A colleague, Sean Conley formerly based at the New School in New York City and the School for International Training in Brattleboro Vermont, has described for us the concentric circles of peace.  These are the circles within circles of connections and community that form the basis for individual, community and societal peace.  The vision you must hold is of a series of concentric circles, defining an ever-more-personal view of how peace can be fostered through aware and sensitive (i.e. humanistic) teaching.  Thus, the peaceful self is at the center and gradually we make our way out to a peaceful world.  As Conley has written on his website (www.explorepeace.org),

“The circles of peace are a lens, one of many, for viewing the areas in which we can investigate the dynamics of peace and conflict and act to influence those dynamics.  The interconnectedness of each circle in our image of circles of peace is captured by this poem by a Cambodian Buddhist, Venerable Maha Ghosananda,

A prayer:

The suffering of Cambodia has been deep.

From this suffering comes Great Compassion.

Great Compassion makes a Peaceful Heart.

A Peaceful Heart makes a Peaceful Person.

A Peaceful Person makes a Peaceful Family.

A Peaceful Family makes a Peaceful Community.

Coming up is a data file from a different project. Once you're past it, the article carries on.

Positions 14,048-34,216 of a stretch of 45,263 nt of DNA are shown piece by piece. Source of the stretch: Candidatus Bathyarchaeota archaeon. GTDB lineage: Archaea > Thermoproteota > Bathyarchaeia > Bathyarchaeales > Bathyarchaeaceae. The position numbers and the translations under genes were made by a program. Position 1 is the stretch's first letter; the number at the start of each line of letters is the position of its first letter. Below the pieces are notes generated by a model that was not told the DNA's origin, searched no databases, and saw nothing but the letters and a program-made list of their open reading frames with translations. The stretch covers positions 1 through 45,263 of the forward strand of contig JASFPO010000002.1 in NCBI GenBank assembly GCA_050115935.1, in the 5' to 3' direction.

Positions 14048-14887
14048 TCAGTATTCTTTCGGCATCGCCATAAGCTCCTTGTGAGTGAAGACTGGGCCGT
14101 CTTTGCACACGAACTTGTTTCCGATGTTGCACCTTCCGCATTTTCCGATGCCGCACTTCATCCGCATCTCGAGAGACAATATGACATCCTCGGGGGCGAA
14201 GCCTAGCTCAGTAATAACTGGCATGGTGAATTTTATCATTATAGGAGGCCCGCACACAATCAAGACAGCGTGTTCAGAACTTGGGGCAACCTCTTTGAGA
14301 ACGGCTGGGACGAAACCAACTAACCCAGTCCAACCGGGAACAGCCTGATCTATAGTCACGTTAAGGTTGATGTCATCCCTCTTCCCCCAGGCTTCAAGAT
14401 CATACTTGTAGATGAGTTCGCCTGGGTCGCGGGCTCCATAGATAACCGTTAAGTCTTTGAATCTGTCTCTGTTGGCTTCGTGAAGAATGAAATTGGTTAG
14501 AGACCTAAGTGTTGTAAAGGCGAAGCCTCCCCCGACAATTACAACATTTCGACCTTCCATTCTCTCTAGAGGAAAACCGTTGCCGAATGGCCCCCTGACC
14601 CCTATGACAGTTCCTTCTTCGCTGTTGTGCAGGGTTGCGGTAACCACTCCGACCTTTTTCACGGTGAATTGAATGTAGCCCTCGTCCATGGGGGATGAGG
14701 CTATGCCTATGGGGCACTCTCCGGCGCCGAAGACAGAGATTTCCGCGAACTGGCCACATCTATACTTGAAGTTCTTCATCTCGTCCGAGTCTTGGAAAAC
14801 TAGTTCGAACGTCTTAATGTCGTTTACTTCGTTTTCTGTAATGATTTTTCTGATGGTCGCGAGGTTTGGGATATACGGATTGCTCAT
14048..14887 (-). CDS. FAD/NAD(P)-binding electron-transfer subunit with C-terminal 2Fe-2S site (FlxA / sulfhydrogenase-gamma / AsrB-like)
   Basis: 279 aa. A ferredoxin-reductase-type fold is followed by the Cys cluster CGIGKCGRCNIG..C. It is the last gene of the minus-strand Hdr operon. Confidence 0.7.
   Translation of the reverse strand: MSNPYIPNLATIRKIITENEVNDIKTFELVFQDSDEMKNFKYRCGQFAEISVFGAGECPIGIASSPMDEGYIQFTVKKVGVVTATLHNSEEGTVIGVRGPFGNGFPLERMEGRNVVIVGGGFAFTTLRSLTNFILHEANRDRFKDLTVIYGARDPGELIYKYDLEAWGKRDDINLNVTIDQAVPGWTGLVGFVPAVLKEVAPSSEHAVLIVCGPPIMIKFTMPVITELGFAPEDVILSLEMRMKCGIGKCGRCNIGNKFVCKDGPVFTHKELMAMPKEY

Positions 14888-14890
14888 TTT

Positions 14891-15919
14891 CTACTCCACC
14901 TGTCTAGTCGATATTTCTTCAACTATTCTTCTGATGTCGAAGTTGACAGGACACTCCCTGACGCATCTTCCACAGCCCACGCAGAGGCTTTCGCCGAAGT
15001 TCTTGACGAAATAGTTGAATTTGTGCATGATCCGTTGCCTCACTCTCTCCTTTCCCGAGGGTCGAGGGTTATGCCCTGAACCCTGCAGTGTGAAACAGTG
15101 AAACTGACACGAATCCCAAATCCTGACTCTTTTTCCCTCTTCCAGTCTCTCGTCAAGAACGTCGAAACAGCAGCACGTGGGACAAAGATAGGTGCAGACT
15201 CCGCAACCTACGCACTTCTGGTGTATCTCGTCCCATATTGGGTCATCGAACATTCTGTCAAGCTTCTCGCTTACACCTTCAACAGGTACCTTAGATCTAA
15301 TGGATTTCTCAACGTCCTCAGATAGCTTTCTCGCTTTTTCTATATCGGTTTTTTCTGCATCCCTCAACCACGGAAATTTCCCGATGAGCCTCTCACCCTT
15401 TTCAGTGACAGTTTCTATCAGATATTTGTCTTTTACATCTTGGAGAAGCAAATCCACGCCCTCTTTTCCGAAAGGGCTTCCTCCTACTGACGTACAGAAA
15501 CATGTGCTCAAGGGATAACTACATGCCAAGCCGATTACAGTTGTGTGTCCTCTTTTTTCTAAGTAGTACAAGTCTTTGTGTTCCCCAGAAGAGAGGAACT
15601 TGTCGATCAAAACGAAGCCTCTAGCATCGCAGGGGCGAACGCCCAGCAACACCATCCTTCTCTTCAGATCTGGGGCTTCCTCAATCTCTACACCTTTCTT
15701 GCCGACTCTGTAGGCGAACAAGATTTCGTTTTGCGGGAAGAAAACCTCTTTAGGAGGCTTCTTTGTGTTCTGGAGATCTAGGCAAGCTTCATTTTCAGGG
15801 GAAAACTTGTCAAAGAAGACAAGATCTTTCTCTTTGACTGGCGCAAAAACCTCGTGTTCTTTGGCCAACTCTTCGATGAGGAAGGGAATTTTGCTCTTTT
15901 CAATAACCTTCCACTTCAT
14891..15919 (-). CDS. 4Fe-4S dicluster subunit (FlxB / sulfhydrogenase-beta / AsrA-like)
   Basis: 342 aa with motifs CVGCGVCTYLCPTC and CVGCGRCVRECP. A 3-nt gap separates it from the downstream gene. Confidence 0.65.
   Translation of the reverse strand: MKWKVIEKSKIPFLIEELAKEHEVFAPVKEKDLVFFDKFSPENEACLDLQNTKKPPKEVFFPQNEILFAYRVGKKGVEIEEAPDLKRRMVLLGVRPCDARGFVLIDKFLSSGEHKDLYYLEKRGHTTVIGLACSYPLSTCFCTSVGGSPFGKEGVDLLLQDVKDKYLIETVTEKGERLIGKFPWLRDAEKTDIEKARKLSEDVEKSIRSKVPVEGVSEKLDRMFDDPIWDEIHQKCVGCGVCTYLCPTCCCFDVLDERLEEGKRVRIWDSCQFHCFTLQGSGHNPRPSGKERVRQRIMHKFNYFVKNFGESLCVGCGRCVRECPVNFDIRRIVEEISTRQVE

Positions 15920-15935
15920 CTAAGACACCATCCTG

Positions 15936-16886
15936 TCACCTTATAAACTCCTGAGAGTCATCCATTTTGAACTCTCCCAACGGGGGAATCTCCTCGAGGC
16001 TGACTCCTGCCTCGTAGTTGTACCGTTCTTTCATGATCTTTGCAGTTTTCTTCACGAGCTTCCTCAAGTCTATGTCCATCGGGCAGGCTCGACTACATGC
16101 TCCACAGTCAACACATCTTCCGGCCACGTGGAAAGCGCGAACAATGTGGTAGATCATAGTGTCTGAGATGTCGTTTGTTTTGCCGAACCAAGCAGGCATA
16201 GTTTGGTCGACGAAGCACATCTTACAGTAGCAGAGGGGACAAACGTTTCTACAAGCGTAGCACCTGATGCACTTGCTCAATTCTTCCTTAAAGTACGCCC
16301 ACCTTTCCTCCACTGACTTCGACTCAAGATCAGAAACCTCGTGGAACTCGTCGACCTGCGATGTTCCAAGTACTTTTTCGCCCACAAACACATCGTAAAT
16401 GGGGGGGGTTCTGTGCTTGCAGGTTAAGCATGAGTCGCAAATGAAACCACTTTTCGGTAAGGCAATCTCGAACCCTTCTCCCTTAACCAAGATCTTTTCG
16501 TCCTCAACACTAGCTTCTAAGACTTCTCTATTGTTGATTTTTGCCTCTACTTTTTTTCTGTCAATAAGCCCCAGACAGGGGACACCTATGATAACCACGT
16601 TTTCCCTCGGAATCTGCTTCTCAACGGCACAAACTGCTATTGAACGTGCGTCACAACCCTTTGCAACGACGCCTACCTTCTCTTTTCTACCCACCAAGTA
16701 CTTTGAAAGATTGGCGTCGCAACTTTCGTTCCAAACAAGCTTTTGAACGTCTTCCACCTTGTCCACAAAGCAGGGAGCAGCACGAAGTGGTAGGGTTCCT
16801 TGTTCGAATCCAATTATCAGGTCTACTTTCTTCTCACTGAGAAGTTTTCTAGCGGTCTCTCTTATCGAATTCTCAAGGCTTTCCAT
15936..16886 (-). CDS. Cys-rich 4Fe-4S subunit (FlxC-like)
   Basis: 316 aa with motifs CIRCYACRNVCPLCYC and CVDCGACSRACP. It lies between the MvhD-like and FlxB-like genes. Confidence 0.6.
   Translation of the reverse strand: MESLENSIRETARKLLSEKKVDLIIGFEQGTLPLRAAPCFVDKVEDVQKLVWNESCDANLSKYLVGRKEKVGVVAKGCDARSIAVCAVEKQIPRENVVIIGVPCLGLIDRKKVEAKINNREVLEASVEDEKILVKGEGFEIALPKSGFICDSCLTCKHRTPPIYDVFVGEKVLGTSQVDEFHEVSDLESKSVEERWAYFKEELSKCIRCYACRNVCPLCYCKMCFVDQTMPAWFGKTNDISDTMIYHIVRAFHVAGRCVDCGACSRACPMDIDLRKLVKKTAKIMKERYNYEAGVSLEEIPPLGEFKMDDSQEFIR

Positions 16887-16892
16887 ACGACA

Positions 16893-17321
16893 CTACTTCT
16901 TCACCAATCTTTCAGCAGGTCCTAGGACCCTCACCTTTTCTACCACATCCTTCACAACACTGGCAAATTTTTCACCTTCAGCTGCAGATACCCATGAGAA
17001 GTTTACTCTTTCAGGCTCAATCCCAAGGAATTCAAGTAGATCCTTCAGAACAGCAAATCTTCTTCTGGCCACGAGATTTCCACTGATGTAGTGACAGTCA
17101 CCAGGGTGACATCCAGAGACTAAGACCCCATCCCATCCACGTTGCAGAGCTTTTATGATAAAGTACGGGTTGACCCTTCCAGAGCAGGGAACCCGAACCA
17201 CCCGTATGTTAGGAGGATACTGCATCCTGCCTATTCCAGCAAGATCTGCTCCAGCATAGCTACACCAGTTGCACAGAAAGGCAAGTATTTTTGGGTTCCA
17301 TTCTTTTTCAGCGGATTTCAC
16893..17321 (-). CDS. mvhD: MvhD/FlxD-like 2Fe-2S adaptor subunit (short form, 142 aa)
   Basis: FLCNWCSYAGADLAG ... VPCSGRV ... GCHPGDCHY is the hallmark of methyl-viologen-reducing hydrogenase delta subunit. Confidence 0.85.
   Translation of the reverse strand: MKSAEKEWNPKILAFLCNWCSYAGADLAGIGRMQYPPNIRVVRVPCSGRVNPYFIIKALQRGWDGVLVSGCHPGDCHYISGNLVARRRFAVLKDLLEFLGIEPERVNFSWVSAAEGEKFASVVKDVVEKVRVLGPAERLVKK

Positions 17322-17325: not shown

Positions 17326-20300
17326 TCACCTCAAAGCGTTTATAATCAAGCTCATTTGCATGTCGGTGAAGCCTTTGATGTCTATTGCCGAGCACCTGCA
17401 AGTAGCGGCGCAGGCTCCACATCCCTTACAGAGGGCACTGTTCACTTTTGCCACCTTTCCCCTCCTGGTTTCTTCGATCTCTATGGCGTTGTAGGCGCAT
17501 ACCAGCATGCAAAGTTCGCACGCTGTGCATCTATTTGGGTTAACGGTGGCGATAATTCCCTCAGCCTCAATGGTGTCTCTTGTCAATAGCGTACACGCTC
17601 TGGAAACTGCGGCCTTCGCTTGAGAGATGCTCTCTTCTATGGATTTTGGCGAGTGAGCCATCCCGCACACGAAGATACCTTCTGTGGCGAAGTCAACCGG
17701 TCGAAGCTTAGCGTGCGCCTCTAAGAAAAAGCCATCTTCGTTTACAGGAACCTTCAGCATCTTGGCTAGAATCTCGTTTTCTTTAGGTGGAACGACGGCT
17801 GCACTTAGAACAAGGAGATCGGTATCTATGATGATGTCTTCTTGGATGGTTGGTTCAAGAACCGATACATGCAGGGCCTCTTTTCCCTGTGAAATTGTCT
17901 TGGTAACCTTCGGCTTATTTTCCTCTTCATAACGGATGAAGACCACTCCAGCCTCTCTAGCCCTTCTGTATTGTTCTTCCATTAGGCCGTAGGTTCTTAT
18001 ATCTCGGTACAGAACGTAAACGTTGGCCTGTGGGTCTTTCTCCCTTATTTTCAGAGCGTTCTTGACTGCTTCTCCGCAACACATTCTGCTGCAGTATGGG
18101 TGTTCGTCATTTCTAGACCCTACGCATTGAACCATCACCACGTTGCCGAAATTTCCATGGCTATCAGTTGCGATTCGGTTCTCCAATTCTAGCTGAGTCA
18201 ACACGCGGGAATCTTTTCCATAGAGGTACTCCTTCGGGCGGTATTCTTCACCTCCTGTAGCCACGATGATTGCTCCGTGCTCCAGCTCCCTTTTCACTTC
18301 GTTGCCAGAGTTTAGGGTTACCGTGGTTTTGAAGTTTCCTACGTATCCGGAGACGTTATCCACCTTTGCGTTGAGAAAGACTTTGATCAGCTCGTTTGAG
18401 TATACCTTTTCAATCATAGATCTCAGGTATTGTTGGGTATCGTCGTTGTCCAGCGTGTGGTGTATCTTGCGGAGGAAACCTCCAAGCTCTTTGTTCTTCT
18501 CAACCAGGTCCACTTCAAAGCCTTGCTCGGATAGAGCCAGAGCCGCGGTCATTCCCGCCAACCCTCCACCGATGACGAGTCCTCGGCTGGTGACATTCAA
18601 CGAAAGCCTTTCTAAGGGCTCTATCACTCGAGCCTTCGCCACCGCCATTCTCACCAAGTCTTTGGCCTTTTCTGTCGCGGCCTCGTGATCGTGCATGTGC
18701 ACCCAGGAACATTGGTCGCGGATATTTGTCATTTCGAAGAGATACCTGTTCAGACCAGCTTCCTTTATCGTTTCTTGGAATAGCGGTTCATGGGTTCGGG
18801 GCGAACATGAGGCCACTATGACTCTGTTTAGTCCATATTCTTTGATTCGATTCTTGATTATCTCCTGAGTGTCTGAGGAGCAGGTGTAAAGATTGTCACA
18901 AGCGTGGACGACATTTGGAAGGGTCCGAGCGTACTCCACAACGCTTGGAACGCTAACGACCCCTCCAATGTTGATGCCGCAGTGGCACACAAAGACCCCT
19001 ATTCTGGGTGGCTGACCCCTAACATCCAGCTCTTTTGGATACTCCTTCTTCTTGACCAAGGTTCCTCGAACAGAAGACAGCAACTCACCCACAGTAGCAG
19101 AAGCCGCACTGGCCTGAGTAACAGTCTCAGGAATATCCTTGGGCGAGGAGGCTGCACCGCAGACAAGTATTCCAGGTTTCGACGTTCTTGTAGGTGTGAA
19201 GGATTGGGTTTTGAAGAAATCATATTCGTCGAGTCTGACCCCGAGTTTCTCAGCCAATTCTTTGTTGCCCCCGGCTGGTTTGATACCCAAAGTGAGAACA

A Peaceful Community makes a Peaceful Nation.

And a Peaceful Nation makes a Peaceful World.

May all beings live in Happiness and Peace.

We live within circles surrounded by circles.  I’ve discussed briefly how the circles envelope us all as a unifying theme.  I have described two positions on the circle that feel healthy and affirming; that of being on the circle and that of being in the center.  I do not doubt that you can imagine the devastating image which is to be outside the circle, to be excluded, to find oneself not able or not being invited to participate.   Working as teachers to avoid this experience for our students is embracing a pedagogy of peace.  This pedagogy of peace requires that as teachers, we are concerned with the inner life of our students, our own inner lives, and the interpersonal lives we create and recreate daily with each other in our classrooms and through our teaching.